One thing to emerge in places like Africa is the speed with which new technologies, such as 4G systems, are being introduced into rural areas. Unlike situations where existing digital infrastructure has to be maintained in areas where limited investments have been made, the temptation to leap-frog a generation is hard to resist.
Of course for the British Army to arrive on deployment into a foreign country and piggy-back its communications infrastructure onto a mobile system operated by a foreign government or country does have some security ramifications. But these are not insurmountable.
In Afghanistan members of the British Army routinely use locally supplied voice networks to maintain non-operationally sensitive communications. Blue Force tracking capability, which proved to be so helpful in the initial invasion of Iraq in 2003, is also an essential element of a future CNR capability.
That will require the CNR system to be able to receive navigation signals from systems such as GPS. As in the civilian, the one major development that any new CNR system would need to address is the need for real-time imagery to be routed over the network.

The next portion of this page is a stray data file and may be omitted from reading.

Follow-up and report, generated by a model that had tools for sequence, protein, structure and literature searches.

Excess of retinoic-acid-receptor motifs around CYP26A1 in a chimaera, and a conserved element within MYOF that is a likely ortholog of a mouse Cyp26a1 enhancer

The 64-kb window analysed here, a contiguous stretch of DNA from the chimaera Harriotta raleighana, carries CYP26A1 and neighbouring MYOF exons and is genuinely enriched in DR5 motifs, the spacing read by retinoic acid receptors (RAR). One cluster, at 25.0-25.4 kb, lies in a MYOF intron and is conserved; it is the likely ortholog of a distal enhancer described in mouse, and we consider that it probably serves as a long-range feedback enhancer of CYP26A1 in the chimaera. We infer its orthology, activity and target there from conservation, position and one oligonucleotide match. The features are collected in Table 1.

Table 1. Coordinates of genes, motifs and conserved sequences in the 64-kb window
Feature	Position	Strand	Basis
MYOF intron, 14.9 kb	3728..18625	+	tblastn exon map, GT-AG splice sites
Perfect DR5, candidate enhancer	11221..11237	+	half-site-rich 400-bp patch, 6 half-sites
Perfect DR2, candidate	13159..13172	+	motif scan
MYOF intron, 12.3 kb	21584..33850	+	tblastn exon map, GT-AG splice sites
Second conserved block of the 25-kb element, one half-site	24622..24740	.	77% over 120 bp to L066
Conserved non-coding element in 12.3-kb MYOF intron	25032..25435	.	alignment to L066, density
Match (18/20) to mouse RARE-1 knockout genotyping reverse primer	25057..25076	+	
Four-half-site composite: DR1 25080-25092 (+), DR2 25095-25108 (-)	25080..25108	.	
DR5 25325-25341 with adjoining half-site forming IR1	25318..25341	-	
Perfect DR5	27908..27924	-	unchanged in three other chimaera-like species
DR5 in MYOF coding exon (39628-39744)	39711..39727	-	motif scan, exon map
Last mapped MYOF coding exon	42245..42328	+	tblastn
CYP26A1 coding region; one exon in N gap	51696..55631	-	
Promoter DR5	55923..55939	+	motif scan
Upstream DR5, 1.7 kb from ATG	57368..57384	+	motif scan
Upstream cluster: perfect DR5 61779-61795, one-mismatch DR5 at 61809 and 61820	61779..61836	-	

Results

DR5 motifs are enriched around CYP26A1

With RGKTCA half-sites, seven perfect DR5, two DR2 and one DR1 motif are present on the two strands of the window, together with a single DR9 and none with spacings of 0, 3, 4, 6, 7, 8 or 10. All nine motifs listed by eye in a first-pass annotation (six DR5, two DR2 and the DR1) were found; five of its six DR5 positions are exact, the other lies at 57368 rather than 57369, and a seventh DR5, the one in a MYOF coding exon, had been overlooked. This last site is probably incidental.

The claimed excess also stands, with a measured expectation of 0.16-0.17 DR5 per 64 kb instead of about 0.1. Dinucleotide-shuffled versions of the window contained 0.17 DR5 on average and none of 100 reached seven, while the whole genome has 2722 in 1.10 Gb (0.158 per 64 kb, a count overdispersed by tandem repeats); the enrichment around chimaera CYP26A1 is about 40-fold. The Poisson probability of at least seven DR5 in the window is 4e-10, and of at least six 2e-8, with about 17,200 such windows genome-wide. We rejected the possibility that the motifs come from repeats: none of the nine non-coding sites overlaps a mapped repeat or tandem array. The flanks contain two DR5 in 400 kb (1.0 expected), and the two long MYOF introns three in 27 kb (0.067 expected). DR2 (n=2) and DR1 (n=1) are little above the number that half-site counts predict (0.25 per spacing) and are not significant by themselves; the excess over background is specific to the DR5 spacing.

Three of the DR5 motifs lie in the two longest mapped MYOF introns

The current Bowman architecture is based on what might be called a traditional CNR reliance on low bandwidth communications spectrum such as HF (2-30MHz), VHF (30-300 MHz) and UHF (300MHz -3GHz).
While the personal radio systems operate at 2.4GHz and could be adapted for local dissemination of imagery, any relay back to higher
echelons of command beyond line of sight is subject to bandwidth and range constraints. UHF satellite systems on the move will also be an element of a future solution. But they do not fully remove the bandwidth constraints.
Given these requirements it is almost inevitable that the next generation of CNR will be based on a blended solution of existing and future (5G) technologies – retaining backwards compatibility with 4G and 3.5G systems to provide operational flexibility. In that case it is very likely that Bowman will remain in service well beyond its current out of service date.
The other issue about imagery concerns the role of unmanned air platforms in the future. At present, any imagery collected by such systems at the tactical or operational levels of command are disseminated directly to end users who are equipped with specific terminals.
These dedicated point-to-point systems have been shown to be vulnerable to interception by relatively simple eavesdropping equipment. The next generation of CNR systems will allow these dedicated systems to be integrated through a single seamless backbone based on wireless technologies.